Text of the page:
Florida feed store hides Ivermectin to prevent misuse by COVID-19 patients
PLANT CITY, Fla. - Florida Agriculture Commissioner Nikki Fried says the Florida Poison Control Center is seeing an uptick in calls and cases from people taking Ivermectin, a medication used to treat parasites in cows and horses.
The Food and Drug Administration and the Centers for Disease Control and Prevention have warned the public about the dangers of humans taking animal drugs, and that Ivermectin has not been authorized nor approved to treat or prevent COVID-19.
Feed shops across the country, and in the Tampa Bay Area, have been noticing an increase in the number of people coming in or calling to see if they have Ivermectin.
"I would say last week we were averaging 100 a day, maybe, or more," said Bill Glisson, the owner of G5 Feed and Outdoor in Plant City. "They would come in and ask for it by name, Ivermectin, some of them would have a picture of the bottle or package on their phone, so we could quickly get a sense that there was a whole new line of people coming in, and once we figured it out what their purpose was, we moved it off the shelves and kept it in the dark, so to speak, until legitimate customers come in for their livestock."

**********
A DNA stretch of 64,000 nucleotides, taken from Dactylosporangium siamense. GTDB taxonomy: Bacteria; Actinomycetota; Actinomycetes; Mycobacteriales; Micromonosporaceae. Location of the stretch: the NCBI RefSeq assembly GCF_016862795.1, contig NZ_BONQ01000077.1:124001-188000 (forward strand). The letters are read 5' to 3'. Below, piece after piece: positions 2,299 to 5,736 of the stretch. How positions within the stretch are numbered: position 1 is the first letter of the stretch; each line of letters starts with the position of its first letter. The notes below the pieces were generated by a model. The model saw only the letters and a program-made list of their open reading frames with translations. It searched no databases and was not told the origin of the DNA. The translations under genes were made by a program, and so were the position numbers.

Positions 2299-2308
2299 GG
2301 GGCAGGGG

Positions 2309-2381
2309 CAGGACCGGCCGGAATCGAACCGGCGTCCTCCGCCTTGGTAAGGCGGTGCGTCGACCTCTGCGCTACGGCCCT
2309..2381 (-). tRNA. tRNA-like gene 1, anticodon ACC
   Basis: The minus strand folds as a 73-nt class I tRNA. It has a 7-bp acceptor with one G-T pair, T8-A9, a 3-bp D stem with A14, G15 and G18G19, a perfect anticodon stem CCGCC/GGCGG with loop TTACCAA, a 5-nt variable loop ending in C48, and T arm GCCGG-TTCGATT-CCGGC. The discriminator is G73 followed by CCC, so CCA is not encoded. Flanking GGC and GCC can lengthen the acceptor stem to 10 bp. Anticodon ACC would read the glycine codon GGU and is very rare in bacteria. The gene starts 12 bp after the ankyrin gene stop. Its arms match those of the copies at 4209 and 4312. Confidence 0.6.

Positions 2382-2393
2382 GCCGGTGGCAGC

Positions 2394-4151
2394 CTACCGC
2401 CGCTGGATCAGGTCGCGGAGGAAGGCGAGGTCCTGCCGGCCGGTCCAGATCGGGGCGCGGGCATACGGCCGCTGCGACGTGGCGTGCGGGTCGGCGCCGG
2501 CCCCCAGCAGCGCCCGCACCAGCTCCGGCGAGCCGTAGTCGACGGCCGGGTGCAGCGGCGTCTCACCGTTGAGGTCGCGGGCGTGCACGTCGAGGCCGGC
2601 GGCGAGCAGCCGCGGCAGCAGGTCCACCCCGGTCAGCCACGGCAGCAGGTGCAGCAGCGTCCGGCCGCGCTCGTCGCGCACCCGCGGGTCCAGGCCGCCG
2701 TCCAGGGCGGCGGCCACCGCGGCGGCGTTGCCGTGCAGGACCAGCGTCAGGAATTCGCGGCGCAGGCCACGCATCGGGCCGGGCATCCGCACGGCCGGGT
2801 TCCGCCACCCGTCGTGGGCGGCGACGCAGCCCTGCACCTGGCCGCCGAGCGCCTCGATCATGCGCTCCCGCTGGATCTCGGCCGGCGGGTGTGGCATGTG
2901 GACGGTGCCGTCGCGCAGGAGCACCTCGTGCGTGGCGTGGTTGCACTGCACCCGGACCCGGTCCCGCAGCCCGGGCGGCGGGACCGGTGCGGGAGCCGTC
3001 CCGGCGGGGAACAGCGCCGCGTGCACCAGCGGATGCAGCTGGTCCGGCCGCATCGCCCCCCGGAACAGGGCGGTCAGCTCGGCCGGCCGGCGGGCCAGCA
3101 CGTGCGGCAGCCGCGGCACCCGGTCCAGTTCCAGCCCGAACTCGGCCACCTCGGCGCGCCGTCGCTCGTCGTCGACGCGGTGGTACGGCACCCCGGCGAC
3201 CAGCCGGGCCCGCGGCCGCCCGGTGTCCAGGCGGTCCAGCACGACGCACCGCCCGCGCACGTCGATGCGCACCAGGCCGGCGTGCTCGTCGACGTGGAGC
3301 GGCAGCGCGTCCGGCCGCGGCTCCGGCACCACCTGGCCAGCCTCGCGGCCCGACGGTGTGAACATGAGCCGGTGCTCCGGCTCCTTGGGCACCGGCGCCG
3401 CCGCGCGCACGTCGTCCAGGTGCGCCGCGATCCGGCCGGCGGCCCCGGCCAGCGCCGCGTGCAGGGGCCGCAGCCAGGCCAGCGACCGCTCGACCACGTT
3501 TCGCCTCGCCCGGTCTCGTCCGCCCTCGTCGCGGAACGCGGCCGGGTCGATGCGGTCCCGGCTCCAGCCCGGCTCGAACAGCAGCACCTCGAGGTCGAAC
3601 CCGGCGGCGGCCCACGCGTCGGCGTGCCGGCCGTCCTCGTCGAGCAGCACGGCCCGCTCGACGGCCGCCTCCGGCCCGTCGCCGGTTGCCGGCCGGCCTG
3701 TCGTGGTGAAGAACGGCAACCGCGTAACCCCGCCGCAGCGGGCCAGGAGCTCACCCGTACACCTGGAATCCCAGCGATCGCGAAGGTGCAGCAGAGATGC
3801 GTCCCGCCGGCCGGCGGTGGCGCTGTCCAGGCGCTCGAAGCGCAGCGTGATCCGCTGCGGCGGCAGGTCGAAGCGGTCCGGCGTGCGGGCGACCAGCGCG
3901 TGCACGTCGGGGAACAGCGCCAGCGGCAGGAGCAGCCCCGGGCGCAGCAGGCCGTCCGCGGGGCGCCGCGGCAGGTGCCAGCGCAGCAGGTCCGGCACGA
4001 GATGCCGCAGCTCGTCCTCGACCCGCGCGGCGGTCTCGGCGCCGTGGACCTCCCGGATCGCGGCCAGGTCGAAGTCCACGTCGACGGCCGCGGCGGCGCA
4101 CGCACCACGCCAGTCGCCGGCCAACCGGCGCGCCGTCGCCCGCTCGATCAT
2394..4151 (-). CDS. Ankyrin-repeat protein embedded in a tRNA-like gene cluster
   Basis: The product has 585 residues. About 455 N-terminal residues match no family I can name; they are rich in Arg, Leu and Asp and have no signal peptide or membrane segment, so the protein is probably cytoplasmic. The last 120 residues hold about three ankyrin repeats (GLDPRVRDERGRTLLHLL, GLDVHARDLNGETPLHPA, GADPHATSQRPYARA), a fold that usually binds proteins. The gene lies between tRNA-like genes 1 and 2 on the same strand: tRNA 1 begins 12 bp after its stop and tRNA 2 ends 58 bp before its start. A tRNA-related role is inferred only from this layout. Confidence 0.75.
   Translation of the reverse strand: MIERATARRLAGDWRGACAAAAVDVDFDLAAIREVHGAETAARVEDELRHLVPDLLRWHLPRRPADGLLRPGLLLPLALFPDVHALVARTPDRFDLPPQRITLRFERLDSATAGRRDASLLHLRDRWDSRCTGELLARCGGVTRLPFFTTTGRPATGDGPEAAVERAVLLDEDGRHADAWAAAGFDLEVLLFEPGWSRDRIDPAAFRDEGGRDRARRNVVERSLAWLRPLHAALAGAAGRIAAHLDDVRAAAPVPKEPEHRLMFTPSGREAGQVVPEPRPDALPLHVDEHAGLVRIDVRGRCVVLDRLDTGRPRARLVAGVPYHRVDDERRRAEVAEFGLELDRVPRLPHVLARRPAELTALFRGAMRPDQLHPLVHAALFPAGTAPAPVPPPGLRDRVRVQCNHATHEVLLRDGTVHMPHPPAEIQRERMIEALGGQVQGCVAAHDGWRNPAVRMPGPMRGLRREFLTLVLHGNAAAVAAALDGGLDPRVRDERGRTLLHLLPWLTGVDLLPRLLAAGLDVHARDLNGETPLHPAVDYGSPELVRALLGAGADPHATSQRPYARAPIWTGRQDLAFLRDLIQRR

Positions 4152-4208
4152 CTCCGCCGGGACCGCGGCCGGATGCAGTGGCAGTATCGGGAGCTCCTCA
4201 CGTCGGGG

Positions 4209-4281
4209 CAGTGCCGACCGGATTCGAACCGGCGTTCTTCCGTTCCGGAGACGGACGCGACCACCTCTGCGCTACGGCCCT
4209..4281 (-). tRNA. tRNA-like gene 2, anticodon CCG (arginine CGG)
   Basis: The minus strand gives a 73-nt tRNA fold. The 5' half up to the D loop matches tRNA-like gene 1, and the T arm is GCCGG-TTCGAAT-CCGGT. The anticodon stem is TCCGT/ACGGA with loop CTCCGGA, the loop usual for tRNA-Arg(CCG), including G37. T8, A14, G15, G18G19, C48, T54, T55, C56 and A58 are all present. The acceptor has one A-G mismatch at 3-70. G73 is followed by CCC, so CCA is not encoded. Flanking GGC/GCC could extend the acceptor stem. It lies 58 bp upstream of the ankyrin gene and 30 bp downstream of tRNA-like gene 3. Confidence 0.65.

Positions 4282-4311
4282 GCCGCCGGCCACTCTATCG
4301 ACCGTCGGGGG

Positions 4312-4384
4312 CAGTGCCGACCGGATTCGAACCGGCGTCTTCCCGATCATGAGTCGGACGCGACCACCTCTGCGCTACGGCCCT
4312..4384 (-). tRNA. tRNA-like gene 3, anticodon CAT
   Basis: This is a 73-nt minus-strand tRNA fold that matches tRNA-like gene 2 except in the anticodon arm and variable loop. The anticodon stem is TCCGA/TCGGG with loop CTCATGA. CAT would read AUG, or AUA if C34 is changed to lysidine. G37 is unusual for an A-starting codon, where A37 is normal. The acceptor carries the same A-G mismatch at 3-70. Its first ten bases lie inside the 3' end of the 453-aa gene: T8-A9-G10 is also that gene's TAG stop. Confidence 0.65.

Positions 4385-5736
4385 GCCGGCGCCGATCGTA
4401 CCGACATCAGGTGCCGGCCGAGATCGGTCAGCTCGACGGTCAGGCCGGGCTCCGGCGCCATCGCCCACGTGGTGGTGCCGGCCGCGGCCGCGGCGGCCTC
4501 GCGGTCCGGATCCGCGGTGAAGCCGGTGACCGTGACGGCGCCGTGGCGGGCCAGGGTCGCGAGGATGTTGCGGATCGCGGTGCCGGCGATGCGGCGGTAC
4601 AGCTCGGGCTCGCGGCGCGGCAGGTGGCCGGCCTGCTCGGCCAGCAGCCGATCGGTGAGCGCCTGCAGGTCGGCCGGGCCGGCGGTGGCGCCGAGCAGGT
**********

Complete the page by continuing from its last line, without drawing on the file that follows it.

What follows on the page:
Glisson says people would make up bizarre reasons for why they needed the medication.
"I can remember a lady coming in and telling me she had heard about a cattle de-wormer that, if you put it in your bath water it would make warts fall off. So they were quite imaginative in their requests," Glisson shared.
He says the volume of calls about the medication has dwindled in the last three or four days.
For poison emergencies, immediately call the Florida Poison Control Center at 1-800-222-1222. You may also text POISON to 797979 to add poison control as a contact in your phone.
Background on Ivermectin from the FDA:
- FDA has not approved Ivermectin for use in treating or preventing COVID-19 in humans. Ivermectin tablets are approved at very specific doses for some parasitic worms, and there are topical (on the skin) formulations for head lice and skin conditions like rosacea. Ivermectin is not an anti-viral (a drug for treating viruses).
- Taking large doses of this drug is dangerous and can cause serious harm.
- If you have a prescription for Ivermectin for an FDA-approved use, get it from a legitimate source and take it exactly as prescribed.
- Some forms of Ivermectin are used in animals to prevent heartworm disease and certain internal and external parasites. It’s important to note that these products are different from the ones for people, and safe when used as prescribed for animals, only.
- Never use medications intended for animals on yourself. Ivermectin preparations for animals are very different from those approved for humans.
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